So wish us well, getting to Mustang. My young cousin Cy is there (he took the local bus, but, for the life of me, I can't feel great about that choice for my team), who informed Emerson last night by crackly phone that there may not be a working projector in Jomsom, and therefore we may not be able to show the documentary where the festival was held, which is a shame. But in the walled fortress-city of Lo, there IS a generator, a projector, and a King expecting us and the documentary.

All we have to do to show A Gift for the Village there is, first, to solve the puzzle of how to outwit the monsoon sky and its wrath upon the roads, and, second, to walk 155 miles. As our friends here often say: Is problem? No problem.

But outside the ring of obstacles I have described, what an amazing event in Pokhara yesterday! I met a young man, Udhav Shrestha, 23, and his handsome father, Krishna. There was something about Udhav. I wish I knew how to recollect exactly what made me sense that he was an artist. All he did is name some prices on t-shirts. But there was something...

I can honestly say that until I SAW Udhav I had not had the idea, but something in his expression...

I said, "I have a project I want to suggest. It may be impossible, and you can simply say no. I can not imagine you wlll say yes, but there is something in your face, something in your smile, which causes me to ask."

So I showed him a photograph of the Amchi Painting.

I told him about our project, our documentary, about Tsampa Ngawang and my long support of Tibet, and I read him the Dalai Lama's letter endorsing A Gift for the Village. Udhav listened.

I said, "I wonder if you could, with silk thread, reproduce this Amchi painting--in silk--on a black t-shirt. I know it is complicated. It is possibly impossible."

Udhav smiled and shook his head, as if in disbelief, and then introduced me to his father, who had been listening, and who said, "I think you are very lucky. If you had asked any other person in all of Pokhara, not one other person would even try. I don't tell you this as a selling point. But to do what you ask requires more than tailoring skills. As it happens, yes. We are father and son, and yes, we can do this work. We are the only two within sight of Phewa Lake who can sew like artists. How did you know to ask?"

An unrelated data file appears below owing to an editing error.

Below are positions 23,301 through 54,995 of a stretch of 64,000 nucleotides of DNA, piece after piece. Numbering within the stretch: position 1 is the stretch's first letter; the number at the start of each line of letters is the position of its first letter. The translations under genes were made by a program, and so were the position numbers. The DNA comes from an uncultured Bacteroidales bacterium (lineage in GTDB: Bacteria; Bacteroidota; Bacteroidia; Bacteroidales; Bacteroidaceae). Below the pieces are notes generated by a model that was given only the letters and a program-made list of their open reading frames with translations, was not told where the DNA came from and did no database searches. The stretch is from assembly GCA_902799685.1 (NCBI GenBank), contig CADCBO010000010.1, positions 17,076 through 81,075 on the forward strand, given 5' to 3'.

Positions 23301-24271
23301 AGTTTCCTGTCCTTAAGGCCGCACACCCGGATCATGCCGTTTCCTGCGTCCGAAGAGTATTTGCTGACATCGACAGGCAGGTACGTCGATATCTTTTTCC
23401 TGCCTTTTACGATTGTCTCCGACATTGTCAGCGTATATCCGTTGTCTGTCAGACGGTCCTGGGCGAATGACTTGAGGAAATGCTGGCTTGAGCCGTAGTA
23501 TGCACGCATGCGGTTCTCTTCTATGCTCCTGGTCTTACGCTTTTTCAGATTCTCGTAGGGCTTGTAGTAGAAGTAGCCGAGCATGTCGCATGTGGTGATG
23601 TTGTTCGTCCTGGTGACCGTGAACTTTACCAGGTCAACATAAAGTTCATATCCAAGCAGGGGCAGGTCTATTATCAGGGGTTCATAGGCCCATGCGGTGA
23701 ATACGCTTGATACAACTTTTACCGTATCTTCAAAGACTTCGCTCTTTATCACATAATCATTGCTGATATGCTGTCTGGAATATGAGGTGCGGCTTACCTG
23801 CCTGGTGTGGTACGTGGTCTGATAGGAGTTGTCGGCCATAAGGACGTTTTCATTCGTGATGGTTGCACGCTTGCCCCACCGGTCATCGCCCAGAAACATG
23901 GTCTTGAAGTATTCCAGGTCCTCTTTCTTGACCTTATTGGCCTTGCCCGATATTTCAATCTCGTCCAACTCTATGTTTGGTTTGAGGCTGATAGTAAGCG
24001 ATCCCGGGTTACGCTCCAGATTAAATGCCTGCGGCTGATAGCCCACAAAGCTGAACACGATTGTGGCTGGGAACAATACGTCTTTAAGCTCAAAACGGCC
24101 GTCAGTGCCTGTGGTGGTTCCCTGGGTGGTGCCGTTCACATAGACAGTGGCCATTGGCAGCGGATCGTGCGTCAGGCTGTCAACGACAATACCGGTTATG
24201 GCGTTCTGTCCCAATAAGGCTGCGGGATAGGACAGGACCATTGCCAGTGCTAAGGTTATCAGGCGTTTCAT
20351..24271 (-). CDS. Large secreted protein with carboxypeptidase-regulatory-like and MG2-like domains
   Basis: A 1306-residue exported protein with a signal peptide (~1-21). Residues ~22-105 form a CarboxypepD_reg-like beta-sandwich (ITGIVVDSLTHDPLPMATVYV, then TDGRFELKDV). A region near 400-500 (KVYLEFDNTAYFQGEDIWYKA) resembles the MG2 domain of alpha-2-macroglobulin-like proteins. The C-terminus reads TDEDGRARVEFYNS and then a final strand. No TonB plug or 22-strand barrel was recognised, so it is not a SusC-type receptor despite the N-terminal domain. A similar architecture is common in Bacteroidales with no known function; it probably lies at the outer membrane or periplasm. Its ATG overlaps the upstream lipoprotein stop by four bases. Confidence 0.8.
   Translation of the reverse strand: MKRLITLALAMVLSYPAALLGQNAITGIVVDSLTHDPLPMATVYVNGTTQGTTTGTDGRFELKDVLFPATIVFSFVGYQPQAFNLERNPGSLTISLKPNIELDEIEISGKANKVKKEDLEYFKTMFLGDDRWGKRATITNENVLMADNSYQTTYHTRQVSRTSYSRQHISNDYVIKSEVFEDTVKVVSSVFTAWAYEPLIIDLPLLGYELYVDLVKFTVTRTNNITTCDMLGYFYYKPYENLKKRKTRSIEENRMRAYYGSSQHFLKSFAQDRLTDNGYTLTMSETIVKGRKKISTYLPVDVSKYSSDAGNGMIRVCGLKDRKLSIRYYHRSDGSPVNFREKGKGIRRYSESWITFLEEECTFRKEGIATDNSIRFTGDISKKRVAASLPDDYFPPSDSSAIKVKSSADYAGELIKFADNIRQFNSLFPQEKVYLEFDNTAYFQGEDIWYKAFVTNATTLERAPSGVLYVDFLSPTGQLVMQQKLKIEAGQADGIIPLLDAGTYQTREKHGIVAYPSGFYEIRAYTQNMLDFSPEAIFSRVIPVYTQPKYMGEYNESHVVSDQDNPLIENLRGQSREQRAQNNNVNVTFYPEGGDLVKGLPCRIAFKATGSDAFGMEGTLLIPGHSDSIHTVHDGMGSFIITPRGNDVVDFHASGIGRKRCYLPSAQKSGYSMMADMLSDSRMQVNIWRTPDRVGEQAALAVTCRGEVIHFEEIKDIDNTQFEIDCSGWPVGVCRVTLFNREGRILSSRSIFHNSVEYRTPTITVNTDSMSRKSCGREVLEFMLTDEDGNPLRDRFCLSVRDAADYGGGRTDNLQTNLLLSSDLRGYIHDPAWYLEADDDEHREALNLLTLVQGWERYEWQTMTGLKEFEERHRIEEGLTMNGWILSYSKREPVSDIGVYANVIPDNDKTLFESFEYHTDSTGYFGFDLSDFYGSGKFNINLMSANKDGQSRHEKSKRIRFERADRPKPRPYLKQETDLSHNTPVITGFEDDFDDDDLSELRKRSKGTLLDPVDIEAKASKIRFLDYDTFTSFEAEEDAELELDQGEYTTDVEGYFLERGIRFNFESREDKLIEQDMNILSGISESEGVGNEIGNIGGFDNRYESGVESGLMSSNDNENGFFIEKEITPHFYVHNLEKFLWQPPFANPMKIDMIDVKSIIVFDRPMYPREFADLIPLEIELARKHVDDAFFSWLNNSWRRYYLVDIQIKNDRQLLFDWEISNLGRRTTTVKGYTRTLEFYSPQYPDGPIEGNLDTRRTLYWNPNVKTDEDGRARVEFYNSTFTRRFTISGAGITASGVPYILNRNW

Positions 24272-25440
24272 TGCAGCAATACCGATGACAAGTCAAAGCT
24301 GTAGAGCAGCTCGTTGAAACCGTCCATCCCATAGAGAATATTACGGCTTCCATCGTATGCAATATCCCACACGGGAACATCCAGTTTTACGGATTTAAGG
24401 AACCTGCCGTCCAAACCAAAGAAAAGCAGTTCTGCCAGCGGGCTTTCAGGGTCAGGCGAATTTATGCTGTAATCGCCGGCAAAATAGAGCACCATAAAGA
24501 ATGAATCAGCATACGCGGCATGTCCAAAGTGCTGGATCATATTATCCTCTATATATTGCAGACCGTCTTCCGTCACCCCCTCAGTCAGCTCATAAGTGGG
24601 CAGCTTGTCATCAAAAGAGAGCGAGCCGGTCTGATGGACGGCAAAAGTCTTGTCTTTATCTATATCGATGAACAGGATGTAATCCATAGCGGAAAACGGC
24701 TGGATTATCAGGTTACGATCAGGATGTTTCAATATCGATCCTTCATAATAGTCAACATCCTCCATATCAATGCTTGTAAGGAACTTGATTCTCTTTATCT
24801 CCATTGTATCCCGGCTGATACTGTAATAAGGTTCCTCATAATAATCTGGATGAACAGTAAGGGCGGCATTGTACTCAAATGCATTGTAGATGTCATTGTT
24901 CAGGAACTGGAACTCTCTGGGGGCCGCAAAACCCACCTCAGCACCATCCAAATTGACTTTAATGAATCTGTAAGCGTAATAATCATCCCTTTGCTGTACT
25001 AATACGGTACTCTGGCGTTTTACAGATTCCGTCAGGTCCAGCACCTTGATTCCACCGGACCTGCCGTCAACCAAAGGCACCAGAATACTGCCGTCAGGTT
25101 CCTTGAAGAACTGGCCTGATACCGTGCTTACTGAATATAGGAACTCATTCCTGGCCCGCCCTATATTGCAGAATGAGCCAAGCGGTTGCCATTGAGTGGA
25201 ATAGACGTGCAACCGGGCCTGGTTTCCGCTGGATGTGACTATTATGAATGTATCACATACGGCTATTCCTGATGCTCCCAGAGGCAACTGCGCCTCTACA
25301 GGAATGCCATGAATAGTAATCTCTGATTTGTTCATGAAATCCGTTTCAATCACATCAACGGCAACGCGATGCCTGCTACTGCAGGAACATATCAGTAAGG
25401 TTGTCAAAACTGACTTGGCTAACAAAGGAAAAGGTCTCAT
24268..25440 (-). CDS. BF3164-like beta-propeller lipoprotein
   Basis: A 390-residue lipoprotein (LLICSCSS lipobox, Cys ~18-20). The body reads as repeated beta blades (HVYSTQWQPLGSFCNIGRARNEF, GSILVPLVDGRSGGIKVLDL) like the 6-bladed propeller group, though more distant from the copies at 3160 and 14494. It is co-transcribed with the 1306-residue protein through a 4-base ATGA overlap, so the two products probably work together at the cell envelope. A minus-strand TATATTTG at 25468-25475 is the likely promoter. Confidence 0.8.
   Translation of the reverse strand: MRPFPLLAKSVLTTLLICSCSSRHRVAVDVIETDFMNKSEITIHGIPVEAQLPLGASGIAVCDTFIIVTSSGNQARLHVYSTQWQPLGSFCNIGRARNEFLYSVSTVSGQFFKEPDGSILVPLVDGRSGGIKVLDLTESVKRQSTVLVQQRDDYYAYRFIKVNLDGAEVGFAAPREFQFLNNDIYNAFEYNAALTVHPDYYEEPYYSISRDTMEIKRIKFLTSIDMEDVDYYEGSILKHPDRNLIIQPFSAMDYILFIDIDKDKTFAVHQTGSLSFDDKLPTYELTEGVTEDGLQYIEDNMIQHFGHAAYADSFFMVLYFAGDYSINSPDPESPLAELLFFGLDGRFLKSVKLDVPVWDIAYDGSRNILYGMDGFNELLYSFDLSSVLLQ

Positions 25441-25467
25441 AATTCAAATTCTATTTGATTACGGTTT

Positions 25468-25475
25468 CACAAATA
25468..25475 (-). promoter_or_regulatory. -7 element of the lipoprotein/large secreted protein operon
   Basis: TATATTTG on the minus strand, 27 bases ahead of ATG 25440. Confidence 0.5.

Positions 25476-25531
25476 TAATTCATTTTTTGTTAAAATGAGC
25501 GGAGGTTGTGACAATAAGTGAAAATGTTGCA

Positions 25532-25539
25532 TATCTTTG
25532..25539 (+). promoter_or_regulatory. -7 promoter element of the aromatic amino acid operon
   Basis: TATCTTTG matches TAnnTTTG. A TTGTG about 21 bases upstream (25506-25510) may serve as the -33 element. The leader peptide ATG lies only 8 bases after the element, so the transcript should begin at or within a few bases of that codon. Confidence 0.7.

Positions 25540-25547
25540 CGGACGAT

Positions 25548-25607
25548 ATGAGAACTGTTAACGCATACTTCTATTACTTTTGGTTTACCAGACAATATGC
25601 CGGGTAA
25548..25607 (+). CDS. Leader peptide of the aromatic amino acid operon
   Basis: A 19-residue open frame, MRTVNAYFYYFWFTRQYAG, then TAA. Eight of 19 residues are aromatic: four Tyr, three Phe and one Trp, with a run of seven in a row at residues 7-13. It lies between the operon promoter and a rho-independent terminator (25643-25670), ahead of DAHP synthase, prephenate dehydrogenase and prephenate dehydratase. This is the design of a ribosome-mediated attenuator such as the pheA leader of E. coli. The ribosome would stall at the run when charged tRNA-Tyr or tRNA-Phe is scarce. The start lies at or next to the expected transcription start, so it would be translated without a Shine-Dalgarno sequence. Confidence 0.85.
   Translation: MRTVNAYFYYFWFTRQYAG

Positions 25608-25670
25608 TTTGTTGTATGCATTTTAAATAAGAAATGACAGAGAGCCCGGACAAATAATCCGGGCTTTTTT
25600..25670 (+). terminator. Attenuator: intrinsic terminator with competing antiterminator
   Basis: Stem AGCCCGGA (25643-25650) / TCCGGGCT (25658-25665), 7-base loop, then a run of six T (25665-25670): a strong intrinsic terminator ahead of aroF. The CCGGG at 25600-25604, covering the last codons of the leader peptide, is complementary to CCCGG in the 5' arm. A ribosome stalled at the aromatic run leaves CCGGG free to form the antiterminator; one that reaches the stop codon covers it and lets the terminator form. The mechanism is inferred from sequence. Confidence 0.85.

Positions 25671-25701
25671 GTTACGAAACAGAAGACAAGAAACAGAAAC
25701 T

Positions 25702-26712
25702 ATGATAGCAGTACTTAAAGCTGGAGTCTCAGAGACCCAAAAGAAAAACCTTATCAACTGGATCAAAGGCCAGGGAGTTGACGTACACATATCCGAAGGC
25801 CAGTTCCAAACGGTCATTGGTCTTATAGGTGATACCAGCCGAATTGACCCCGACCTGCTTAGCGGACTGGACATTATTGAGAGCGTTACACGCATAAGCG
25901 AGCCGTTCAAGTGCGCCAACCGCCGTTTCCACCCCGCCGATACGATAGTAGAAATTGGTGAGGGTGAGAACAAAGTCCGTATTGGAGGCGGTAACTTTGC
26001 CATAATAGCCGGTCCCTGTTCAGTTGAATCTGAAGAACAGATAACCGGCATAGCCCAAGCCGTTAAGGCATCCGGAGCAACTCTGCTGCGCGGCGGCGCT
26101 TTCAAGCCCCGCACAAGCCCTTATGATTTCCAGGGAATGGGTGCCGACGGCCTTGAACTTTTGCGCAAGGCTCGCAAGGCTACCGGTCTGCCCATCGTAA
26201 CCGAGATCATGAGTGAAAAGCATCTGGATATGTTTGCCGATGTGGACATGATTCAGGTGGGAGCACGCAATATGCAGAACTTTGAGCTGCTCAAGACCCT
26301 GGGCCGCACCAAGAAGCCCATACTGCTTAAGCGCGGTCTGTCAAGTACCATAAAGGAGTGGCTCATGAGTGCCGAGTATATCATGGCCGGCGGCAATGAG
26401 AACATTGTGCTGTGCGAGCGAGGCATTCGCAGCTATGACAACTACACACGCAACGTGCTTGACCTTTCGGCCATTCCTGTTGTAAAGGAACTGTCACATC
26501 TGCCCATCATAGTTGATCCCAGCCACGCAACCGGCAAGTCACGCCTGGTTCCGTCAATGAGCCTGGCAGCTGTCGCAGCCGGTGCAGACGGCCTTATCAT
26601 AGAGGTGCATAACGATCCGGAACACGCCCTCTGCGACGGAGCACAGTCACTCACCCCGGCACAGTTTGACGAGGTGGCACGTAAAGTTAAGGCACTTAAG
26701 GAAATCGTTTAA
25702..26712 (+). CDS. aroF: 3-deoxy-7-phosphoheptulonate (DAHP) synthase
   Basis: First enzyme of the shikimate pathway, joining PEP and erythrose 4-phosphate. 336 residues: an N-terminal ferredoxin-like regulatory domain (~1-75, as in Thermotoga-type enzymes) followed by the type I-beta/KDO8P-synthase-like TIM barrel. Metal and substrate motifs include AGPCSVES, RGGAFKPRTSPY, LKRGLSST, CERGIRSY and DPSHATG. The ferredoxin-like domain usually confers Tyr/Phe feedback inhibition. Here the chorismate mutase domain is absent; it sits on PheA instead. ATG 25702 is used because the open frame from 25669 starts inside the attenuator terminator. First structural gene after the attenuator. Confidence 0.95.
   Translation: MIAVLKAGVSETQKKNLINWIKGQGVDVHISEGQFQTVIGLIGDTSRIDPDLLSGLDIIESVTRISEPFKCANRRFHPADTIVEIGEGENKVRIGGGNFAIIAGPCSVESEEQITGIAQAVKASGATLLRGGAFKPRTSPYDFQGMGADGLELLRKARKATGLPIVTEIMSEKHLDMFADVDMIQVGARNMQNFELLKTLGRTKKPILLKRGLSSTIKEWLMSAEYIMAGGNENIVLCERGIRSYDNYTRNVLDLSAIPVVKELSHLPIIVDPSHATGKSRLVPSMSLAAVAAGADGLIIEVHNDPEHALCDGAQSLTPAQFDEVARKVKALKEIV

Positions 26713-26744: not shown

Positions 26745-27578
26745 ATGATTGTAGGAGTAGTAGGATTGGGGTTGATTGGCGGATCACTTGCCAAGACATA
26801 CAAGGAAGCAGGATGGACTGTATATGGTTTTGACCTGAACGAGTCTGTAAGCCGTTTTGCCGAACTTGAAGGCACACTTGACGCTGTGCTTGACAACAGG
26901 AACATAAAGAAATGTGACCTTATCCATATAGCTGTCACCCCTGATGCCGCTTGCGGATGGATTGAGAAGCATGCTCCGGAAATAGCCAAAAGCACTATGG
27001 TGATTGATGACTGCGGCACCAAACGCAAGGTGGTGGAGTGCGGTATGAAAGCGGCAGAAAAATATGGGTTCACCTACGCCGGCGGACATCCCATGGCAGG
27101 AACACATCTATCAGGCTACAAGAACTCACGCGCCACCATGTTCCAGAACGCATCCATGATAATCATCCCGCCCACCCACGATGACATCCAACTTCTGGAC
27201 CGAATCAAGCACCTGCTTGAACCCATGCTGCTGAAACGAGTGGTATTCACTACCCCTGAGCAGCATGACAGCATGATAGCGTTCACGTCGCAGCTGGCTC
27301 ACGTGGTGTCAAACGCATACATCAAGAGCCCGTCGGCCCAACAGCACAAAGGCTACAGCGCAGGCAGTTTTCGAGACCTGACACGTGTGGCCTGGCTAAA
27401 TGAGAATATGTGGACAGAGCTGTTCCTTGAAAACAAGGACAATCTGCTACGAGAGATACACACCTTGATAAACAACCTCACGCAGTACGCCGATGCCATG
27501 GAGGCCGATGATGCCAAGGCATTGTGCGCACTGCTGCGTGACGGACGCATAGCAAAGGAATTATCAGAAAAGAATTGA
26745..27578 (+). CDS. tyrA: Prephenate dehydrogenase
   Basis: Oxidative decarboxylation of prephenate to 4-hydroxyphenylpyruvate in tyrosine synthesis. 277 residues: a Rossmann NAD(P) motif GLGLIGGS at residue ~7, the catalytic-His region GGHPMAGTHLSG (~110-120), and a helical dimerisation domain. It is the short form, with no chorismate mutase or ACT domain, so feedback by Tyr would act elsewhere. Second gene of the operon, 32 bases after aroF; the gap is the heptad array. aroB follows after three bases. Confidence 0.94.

Hopefully, Tom Landon can link our site to Krishna and Udhav's business, Shrestha Embroidery Shop, where you can see the kind of artistry these men have, although I can not imagine that ANY custom design on their site can compare to the Amchi shirt I am currently wearing. Their site is: www.embroiderynepal.weebly.com. As soon as we can, we will send a jpeg of the Amchi shirt, so you can see for yourselves.

Unbelievable. Quite a feeling, to have your large Tibetan lineage painting sewn into a silken t-shirt design, before your eyes, with son and father bent over the hoop, and the son reminding the father how to shape the grimace of the snow lions' faces, and the father working all the necessary colors into the peacock feathers (each, smaller than a cumin seed).

I think we will take a walk today. Just to stretch our legs and work out the kinks from the disappointment of not being able to land in Jomsom. Not yet.

Love to all of our family and friends, Jane